Regular followers and visitors to this site will know I'm using BLOGGERS WERE CHILDREN TOO! for my theme this year. I know my visitors have been enjoying reading about little bloggy children.
Last week, I featured:
Ann Best - A
Laura Bambrey - B
Cathy Oliffe-Webster - C
Michael di Gesu - D
Sarah Pearson - E
Francine Howarth - F
Melissa Ann Goodwin - G
You are welcome to check my older posts to read about any/all you've missed so far!
Rock on A- Z Challenge.
Today I begin another exciting week with a rather long post by a wonderful blogger friend, but I thought it was all so interesting I didn't want to cut it. You're welcome to skim read if you're in a bursting hurry to read your allocated 20 or so posts, but those who linger will enjoy every word:
|The picture is the earliest one there is of me (I'm the chubby girl on the right without a baby on her lap). I was about 3 years old and this was the day the four of us were delivered into our permanent lives.|
I was born in Orange, California, USA in 1962; but I don't believe I lived there for more than a few months after my birth. My older sister (19 months older) was born in Paradise CA, and my brother (18 months younger) was born in Oroville, CA. We moved around quite a bit between my older sister and youngest sister's (three years younger than me) birth. My biological mom was a carnival worker; and after she abandoned us we moved to a few foster homes before we landed (as a package deal) with our permanent foster parents who kept us until we grew up and moved out on our own.
I GREW UP IN:
I grew up in Oroville, CA; home of the largest earth filled dam in the world. Visitors can follow "the green line" off the freeway exits through the town and partake of the camping, boating, excellent bass fishing, and historical land marks that mark Oroville's history as a gold mining town lumber producer left in the wake of its growth. The chief industry is debateable; tourism in the Parks and Recreation preserves; agrigultural in all forms; or the utililty district the provides elictricity and water resources throughout the Central Valley all the way to Los Angeles area.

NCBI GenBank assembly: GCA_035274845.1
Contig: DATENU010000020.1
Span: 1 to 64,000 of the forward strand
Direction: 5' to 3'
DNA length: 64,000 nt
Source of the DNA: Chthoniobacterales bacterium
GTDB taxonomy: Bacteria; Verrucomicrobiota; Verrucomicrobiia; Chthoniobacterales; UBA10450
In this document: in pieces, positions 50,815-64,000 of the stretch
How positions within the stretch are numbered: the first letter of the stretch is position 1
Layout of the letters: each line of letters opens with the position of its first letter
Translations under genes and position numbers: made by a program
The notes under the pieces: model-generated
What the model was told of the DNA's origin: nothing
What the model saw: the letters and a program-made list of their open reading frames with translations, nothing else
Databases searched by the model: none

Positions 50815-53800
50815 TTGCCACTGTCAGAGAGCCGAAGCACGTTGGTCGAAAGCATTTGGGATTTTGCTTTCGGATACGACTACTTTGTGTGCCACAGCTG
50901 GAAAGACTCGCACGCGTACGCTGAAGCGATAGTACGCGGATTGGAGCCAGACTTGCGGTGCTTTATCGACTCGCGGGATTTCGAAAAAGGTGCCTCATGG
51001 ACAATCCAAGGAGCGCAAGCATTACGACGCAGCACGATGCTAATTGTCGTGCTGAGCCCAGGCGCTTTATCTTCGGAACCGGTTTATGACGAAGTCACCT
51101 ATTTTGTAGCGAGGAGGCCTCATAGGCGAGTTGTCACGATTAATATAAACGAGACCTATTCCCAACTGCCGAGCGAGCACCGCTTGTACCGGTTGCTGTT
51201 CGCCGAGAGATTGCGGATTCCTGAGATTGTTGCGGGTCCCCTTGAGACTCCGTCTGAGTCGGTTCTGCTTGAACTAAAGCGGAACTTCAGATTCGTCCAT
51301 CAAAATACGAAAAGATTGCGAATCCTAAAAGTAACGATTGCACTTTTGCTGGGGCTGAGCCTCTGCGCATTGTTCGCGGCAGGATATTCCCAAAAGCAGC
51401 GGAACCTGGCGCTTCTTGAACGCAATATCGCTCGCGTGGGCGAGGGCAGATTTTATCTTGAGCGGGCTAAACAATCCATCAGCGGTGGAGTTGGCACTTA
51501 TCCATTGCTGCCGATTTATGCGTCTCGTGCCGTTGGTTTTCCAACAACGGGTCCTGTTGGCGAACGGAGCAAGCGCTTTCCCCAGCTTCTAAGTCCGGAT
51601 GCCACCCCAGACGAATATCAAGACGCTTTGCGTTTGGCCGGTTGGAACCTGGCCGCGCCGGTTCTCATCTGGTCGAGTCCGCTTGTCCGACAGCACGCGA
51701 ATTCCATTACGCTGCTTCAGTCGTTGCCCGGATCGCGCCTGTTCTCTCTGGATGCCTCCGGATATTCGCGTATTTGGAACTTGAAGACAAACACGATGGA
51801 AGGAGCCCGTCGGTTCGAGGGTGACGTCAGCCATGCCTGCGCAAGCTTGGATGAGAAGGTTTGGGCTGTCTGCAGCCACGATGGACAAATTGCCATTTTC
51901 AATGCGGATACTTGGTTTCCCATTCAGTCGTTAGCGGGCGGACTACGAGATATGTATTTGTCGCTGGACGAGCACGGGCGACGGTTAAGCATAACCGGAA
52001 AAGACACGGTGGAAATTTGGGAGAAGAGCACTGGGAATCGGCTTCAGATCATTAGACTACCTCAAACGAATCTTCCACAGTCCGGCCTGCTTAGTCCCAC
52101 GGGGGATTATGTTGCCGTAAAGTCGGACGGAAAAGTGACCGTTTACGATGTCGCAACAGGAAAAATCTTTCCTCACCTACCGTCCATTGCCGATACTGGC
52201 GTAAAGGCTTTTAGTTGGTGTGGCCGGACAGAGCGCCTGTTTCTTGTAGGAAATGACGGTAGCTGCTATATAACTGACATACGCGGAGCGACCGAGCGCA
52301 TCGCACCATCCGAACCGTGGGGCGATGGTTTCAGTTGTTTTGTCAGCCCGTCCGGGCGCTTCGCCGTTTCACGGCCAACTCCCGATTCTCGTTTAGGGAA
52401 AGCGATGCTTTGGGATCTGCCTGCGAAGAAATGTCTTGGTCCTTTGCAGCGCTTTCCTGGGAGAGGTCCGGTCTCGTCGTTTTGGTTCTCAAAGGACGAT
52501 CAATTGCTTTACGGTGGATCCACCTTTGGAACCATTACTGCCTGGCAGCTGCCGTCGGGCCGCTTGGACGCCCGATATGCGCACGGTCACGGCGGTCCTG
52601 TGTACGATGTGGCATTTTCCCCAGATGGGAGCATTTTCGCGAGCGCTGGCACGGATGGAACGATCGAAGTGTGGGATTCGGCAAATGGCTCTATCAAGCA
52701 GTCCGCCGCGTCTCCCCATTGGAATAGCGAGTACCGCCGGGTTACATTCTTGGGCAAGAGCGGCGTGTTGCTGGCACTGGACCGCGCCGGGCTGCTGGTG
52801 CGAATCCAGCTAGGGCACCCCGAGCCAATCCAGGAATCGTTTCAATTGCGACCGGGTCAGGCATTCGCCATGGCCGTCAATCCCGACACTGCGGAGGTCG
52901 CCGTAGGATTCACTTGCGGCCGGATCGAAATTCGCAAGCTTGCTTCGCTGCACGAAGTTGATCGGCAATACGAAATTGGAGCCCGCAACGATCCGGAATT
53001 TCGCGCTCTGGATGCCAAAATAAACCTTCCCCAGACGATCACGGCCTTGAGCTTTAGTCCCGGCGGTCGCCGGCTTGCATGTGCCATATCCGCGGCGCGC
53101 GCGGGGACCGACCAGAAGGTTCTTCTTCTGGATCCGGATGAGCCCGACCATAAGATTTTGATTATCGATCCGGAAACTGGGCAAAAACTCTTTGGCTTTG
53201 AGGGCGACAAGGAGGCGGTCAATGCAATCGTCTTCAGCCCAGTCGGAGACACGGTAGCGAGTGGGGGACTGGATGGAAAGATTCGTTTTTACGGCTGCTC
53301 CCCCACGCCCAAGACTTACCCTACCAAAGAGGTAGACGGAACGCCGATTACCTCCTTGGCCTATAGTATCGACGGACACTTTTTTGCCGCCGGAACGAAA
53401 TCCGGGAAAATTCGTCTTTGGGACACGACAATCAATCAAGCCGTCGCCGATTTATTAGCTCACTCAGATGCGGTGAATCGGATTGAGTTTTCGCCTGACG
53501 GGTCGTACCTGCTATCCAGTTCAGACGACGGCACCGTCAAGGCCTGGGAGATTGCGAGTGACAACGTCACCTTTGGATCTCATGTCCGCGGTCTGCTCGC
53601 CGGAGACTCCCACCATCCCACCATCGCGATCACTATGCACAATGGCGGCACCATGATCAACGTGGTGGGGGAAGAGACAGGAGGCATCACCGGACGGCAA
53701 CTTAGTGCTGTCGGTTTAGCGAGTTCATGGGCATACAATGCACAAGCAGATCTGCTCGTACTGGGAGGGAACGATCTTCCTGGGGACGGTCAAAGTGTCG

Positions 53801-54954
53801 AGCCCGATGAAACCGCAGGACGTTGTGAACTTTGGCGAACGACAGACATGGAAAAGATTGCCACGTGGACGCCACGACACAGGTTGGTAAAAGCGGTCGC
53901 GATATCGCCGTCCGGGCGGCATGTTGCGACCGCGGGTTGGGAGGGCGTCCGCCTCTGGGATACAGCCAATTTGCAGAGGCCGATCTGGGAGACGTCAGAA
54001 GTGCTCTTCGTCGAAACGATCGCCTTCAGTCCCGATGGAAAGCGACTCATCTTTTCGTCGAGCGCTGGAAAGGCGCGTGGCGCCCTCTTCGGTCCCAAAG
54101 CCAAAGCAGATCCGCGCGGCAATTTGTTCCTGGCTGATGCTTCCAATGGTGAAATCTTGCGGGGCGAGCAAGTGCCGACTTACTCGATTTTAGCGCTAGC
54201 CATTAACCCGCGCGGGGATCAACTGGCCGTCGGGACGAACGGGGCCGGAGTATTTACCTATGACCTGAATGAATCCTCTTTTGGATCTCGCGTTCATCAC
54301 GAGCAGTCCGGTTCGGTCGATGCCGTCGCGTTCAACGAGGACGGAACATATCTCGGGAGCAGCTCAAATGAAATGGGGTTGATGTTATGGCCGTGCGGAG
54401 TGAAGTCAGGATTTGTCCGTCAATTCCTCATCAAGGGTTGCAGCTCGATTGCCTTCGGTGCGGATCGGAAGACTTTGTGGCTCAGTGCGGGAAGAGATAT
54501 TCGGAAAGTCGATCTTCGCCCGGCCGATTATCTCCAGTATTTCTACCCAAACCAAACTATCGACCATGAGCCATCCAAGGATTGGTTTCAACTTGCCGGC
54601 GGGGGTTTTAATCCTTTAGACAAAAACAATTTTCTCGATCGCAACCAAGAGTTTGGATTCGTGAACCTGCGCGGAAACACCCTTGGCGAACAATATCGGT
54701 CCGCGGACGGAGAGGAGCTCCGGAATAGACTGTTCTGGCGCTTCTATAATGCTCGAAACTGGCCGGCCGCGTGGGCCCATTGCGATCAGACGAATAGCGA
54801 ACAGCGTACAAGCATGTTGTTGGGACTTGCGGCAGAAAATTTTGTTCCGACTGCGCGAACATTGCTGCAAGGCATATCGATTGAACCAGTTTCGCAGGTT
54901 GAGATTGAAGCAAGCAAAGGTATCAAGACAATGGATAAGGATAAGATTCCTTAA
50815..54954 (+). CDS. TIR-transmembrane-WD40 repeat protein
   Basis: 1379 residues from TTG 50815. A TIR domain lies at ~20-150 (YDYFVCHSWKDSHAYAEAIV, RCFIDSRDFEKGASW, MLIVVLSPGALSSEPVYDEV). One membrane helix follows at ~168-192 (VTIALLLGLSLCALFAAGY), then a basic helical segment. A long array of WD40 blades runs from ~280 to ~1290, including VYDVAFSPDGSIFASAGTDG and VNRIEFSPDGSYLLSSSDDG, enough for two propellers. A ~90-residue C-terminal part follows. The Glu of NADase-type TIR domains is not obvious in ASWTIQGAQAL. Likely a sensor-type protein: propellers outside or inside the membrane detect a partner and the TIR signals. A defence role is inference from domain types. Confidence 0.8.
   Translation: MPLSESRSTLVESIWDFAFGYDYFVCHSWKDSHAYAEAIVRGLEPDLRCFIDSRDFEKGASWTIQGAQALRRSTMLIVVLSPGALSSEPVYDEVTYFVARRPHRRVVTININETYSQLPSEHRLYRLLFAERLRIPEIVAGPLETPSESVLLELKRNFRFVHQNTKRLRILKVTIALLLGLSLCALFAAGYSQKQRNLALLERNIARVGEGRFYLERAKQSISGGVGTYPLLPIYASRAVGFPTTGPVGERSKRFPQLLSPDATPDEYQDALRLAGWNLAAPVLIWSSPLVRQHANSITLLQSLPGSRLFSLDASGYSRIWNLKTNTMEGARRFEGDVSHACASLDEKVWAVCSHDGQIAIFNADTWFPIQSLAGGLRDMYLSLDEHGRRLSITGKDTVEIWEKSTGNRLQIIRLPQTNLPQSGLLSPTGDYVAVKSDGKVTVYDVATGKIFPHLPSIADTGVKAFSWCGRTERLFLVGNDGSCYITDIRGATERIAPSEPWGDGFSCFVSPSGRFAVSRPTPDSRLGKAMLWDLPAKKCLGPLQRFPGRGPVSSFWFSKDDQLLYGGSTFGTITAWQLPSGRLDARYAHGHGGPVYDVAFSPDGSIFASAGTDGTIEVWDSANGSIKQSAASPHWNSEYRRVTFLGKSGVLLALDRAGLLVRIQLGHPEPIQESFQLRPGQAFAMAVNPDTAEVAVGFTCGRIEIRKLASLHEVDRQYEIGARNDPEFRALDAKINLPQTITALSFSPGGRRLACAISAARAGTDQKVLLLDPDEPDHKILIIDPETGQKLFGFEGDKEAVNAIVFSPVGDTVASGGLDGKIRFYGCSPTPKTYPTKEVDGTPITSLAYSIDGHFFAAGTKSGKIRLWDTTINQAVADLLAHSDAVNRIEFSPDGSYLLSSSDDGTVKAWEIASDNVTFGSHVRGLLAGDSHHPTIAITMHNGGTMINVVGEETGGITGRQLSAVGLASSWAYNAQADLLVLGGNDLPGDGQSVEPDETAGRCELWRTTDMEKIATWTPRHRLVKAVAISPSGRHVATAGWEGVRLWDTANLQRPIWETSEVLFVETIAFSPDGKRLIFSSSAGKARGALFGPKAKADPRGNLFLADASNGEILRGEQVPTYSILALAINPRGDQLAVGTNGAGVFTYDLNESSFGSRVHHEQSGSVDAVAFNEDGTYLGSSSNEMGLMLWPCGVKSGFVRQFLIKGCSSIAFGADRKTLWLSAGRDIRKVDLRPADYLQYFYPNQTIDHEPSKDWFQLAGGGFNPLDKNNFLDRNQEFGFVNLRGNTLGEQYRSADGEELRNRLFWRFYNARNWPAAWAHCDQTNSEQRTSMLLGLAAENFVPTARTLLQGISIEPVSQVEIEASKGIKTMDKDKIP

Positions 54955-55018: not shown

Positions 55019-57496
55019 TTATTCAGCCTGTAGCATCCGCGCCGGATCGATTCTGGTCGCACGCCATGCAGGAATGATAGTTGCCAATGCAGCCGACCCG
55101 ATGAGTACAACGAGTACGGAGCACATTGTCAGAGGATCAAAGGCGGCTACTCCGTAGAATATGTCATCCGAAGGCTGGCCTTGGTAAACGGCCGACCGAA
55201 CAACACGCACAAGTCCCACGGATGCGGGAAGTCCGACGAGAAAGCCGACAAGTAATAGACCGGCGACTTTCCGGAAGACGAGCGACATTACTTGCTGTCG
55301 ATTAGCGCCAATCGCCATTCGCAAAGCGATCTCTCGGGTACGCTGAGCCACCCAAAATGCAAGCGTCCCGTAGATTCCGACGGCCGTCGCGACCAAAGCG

Set at the apex of two mountain ranges, the Sierra Nevada's on the SE and Cascades to the North, it is rumored that Paul Bunyan formed Table Mountain (on the Cascades) by hacking off a small hilltop so he'd have a place to rest and eat his lunch while traveling through with his pet ox Blue. The Buttes that form a line off to the west towards the coast are the results of his whittling. The legendary Ishi (last of the stone-age Yahi Indians) was discovered starved and hiding in a shed down on Myers Street in 1911; and stories of Big Foot sightings abound still in Cherokee Town.
The town hit a minor boom back in the 70's when Hollywood discoverd our quaint town and surrounding forests and rock piles. The Outlaw Josey Wales, The Klansman, and the TV series BJ and the Bear were all filmed in Oroville. Errol Flynn lived in nearby Chico during the filming of Robin Hood, and Gary Burghoff ("Radar" from the TV show M*A*S*H) retired in Paradise, where he sold his paintings at local art establishments. Many actors/actresses, film and record producers, and other entertainment professionals still live and shop up in Kelly Ridge.
I grew up surrounded by diversity, although I didn't know it until I moved away and came home again. Most of the underground tunnels build by the Chinese workers have been sealed off, and there was a big outcry about a decade ago when some agency (I never knew who/what) proposed to remove the Chinese Temple back to its homeland. Oroville had its share of race riots involving the African American community back in the 60's and 70's, but the migrant farm population went largely unnoticed even if Spanish was the prevelant language. (No, I speak no Spanish.) And I didn't know there was a Native American reservation just outside of Oroville until the first casino opened in the late 1990s.
Sadly, I think the Hippy Movement mostly missed my little town. I remember dawning tie-dyed shirts and dresses, begging for suede and fringe purses and vests, and putting sequins and peace signs on everything I owned; but I don't remember anyone ever mentioning "hippies" unless they'd seen a NEWS report of antics from distant places. For us in the Bible Belt, it was all just a passing fad of clothing and slang language. The outer world was a cool and interesting place, but didn't affect daily life much.